Data continues to show the importance of vaccination and booster doses to protect individuals both from infection and severe outcomes of COVID-19. For adults and adolescents eligible for a first booster dose, these shots are safe and provide substantial benefit. During the recent Omicron surge, those who were boosted were 21-times less likely to die from COVID-19 compared to those who were unvaccinated, and 7-times less likely to be hospitalized. CDC continues to recommend that all eligible adults, adolescents, and children 5 and older be up to date on their COVID-19 vaccines, which includes getting an initial booster when eligible.
Following FDA’s regulatory actionexternaltoday, CDC is updating its recommendations to allow certain immunocompromised individuals and people over the age of 50 who received an initial booster dose at least 4 months ago to be eligible for another mRNA booster to increase their protection against severe disease from COVID-19. Separately and in addition, based on newly published data, adults who received a primary vaccine and booster dose of Johnson & Johnson’s Janssen COVID-19 vaccine at least 4 months ago may now receive a second booster dose using an mRNA COVID-19 vaccine.
These updated recommendations acknowledge the increased risk of severe disease in certain populations including those who are elderly or over the age of 50 with multiple underlying conditions, along with the currently available data on vaccine and booster effectiveness.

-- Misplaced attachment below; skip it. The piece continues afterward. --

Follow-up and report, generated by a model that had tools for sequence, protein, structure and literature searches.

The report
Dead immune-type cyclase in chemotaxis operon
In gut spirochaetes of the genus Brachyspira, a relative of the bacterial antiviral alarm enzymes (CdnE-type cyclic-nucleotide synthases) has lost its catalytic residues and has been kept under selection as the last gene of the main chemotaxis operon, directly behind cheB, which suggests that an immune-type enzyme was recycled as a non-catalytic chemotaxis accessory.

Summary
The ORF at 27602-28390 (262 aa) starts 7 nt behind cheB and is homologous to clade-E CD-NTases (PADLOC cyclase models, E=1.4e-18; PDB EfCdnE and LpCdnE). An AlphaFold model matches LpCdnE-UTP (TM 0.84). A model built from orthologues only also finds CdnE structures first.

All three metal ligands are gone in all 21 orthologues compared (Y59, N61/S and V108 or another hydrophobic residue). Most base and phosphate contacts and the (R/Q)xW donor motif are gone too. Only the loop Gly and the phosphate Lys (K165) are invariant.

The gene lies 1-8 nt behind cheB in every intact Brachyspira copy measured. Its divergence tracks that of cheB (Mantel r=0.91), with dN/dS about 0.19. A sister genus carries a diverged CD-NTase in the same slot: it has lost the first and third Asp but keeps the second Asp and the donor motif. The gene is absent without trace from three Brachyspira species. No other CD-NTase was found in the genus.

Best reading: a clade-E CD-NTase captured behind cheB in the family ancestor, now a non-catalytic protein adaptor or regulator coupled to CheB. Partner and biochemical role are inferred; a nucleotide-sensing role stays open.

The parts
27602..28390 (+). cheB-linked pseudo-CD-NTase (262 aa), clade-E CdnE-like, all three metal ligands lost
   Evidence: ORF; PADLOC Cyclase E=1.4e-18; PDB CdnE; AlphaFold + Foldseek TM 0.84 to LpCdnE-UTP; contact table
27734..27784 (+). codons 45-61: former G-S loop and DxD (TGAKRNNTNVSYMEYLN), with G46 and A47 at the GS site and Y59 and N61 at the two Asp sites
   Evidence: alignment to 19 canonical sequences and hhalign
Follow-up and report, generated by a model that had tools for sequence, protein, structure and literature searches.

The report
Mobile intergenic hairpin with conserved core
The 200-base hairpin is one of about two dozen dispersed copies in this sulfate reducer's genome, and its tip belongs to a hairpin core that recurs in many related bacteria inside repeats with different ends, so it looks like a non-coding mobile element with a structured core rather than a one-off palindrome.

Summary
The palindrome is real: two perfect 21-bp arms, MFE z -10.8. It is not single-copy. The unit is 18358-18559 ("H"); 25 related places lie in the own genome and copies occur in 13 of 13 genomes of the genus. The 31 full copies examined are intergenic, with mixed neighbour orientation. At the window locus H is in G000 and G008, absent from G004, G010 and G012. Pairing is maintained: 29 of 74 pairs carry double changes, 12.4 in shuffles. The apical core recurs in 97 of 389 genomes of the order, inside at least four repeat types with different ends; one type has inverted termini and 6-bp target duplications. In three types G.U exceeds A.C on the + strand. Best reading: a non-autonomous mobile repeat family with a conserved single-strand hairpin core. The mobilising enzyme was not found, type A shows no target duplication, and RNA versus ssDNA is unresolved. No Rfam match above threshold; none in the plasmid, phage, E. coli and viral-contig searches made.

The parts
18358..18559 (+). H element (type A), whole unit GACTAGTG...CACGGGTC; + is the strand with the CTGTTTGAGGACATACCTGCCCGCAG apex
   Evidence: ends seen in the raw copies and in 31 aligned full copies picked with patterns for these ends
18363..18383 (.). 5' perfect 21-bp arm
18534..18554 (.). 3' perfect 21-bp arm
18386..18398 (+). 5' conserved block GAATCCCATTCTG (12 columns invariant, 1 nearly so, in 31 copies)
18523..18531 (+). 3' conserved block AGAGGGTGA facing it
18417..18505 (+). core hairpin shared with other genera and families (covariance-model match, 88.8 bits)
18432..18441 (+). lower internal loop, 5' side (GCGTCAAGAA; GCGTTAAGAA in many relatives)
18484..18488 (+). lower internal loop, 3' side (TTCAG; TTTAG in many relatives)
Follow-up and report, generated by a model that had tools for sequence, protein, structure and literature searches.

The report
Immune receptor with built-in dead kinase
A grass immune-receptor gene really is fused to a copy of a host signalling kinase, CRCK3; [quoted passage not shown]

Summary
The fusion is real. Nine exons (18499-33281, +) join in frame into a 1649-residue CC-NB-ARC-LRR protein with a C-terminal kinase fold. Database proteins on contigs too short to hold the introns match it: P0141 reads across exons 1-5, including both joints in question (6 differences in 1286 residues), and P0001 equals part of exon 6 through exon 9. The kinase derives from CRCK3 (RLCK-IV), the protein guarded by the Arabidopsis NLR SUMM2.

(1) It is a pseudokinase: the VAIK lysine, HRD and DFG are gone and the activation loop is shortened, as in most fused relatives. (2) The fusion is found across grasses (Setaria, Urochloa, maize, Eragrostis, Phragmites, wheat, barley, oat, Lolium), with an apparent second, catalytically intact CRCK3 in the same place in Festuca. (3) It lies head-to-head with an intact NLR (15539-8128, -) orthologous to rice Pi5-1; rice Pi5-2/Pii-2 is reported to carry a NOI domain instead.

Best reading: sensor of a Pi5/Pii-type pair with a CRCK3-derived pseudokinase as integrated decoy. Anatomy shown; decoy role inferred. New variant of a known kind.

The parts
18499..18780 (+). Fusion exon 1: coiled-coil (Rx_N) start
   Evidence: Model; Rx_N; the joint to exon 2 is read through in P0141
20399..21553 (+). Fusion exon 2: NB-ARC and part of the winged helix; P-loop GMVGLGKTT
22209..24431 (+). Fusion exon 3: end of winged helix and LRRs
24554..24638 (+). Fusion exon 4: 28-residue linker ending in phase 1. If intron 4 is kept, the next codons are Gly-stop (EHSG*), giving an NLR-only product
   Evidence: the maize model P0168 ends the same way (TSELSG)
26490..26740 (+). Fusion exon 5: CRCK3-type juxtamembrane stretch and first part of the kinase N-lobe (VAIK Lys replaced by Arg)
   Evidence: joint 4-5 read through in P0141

The following is attributable to Dr. Rochelle P. Walensky:
“Today, CDC expanded eligibility for an additional booster dose for certain individuals who may be at higher risk of severe outcomes from COVID-19. Boosters are safe, and people over the age of 50 can now get an additional booster 4 months after their prior dose to increase their protection further. This is especially important for those 65 and older and those 50 and older with underlying medical conditions that increase their risk for severe disease from COVID-19 as they are the most likely to benefit from receiving an additional booster dose at this time. CDC, in collaboration with FDA and our public health partners, will continue to evaluate the need for additional booster doses for all Americans.”
The CDC works 24/7 protecting America’s health, safety and security. Whether disease start at home or abroad, are curable or preventable, chronic or acute, or from human activity or deliberate attack, CDC responds to America’s most pressing health threats. CDC is headquartered in Atlanta and has experts located throughout the United States and the world.